Blind Kiss (Renee Carlino)


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Penny spends her afternoons sitting outside a sandwich shop, surrounded by ghosts. Fourteen years ago, this shop was her childhood dance studio… Now she’s a suburban housewife, dreading the moment her son departs for MIT, leaving her with [a] McMansion and a failing marriage. She had her chance at wild, stars-in-her-eyes happiness, but that was a lifetime ago. After The Kiss. Before The Decision.

The Kiss was soulful. Magical. Earth-shattering, And it was all for a free gift card. Asked to participate in a psych study that posed the question, “Can you have sexual chemistry without knowing what the other person looks like?” Penny agreed to be blindfolded, make polite conversation with a total stranger, and kiss him. She never expected The Kiss to change her life forever and introduce her to Gavin: tattooed, gorgeous, and spontaneous enough to ask her out seconds after the blindfolds came off.

For a year, they danced between friendship and romance—until Penny made The Decision that forced them to settle for friendship. Now, fourteen years later, both of their lives are about to radically change—and it’s his turn to decide what will become of their once-in-a-lifetime connection.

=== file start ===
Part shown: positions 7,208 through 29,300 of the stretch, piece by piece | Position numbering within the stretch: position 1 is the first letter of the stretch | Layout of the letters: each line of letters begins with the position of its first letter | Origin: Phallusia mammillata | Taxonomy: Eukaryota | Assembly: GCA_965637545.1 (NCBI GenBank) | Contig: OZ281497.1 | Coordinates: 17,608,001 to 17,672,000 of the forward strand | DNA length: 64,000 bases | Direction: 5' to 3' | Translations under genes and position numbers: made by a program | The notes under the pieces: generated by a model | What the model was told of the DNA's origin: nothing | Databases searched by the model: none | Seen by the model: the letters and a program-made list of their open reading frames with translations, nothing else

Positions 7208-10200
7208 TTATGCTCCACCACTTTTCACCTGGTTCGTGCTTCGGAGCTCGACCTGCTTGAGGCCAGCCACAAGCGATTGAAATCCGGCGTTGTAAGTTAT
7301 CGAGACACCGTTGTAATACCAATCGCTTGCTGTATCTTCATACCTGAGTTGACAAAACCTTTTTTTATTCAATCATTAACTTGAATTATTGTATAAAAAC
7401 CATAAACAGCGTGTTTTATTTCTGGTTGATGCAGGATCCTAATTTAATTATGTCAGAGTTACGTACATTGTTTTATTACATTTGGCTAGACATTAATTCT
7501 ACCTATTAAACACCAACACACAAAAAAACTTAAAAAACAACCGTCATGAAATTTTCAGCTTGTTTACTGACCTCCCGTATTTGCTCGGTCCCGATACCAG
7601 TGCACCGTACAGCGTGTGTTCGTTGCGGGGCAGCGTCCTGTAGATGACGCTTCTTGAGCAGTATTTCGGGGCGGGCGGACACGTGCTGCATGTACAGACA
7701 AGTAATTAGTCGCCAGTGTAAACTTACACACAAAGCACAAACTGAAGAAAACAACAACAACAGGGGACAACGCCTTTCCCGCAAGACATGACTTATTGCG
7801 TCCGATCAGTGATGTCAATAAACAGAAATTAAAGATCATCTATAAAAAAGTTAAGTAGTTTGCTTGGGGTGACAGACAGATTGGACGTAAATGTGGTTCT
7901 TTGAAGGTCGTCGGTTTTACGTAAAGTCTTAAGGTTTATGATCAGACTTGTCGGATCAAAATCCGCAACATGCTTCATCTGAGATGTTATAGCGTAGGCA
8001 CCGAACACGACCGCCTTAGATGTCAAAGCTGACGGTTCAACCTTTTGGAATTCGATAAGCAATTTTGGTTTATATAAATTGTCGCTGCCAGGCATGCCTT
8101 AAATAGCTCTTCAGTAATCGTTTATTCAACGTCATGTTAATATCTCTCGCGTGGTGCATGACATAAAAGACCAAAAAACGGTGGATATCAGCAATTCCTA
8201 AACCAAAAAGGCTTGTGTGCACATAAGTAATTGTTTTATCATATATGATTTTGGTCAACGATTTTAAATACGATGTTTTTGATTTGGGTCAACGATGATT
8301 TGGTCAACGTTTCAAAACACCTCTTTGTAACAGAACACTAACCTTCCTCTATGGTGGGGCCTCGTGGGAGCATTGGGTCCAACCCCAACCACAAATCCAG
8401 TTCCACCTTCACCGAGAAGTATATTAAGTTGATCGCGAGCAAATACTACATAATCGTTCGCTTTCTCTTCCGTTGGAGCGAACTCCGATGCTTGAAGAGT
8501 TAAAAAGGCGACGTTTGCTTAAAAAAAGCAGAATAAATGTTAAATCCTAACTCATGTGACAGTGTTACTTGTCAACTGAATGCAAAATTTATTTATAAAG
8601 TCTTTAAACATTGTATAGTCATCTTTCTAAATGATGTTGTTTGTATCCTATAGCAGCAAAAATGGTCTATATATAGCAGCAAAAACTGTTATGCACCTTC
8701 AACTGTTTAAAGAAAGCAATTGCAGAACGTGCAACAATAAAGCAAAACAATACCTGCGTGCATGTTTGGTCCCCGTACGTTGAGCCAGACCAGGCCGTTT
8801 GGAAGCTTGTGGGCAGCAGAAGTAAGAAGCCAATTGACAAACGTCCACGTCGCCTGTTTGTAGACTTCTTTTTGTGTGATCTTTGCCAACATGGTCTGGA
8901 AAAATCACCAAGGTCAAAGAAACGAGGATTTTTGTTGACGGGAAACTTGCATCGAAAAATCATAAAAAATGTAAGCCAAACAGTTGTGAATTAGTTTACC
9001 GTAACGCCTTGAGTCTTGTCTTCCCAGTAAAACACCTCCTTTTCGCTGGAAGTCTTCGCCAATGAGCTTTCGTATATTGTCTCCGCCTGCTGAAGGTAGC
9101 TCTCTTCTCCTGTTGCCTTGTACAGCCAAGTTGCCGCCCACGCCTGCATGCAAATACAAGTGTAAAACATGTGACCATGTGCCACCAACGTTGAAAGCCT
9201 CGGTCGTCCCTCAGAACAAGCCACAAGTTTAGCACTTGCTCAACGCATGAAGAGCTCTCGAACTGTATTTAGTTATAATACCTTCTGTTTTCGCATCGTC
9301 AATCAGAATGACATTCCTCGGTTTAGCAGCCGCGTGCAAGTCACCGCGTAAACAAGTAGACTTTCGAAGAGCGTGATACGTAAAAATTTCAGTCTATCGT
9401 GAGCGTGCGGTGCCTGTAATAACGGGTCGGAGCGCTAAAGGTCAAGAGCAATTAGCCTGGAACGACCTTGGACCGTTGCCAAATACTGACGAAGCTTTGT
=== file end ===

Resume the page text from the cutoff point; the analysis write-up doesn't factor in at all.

“My relationship with Gavin was rooted in love. Maybe a kind of love people would never understand.”

I am rating this 3.5 stars but I was really torn on that (star wise) so on Goodreads I went with the good ole’ four stars just because Renee and her books never fail in the emotional department and her writing is top-notch in my opinion.

But ultimately- I am conflicted. I am conflicted because although I love Renee and her writing and the way she is able to construct a relatable story every time you pick up one of her books. I am conflicted because Renee made me fall so much in love with Gavin but Penny… Penny just really got under my skin. And not in a good way.

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“Life will change and change again. You just have to find a port in this storm. It doesn’t have to be another person, Penny. Find something just for you.”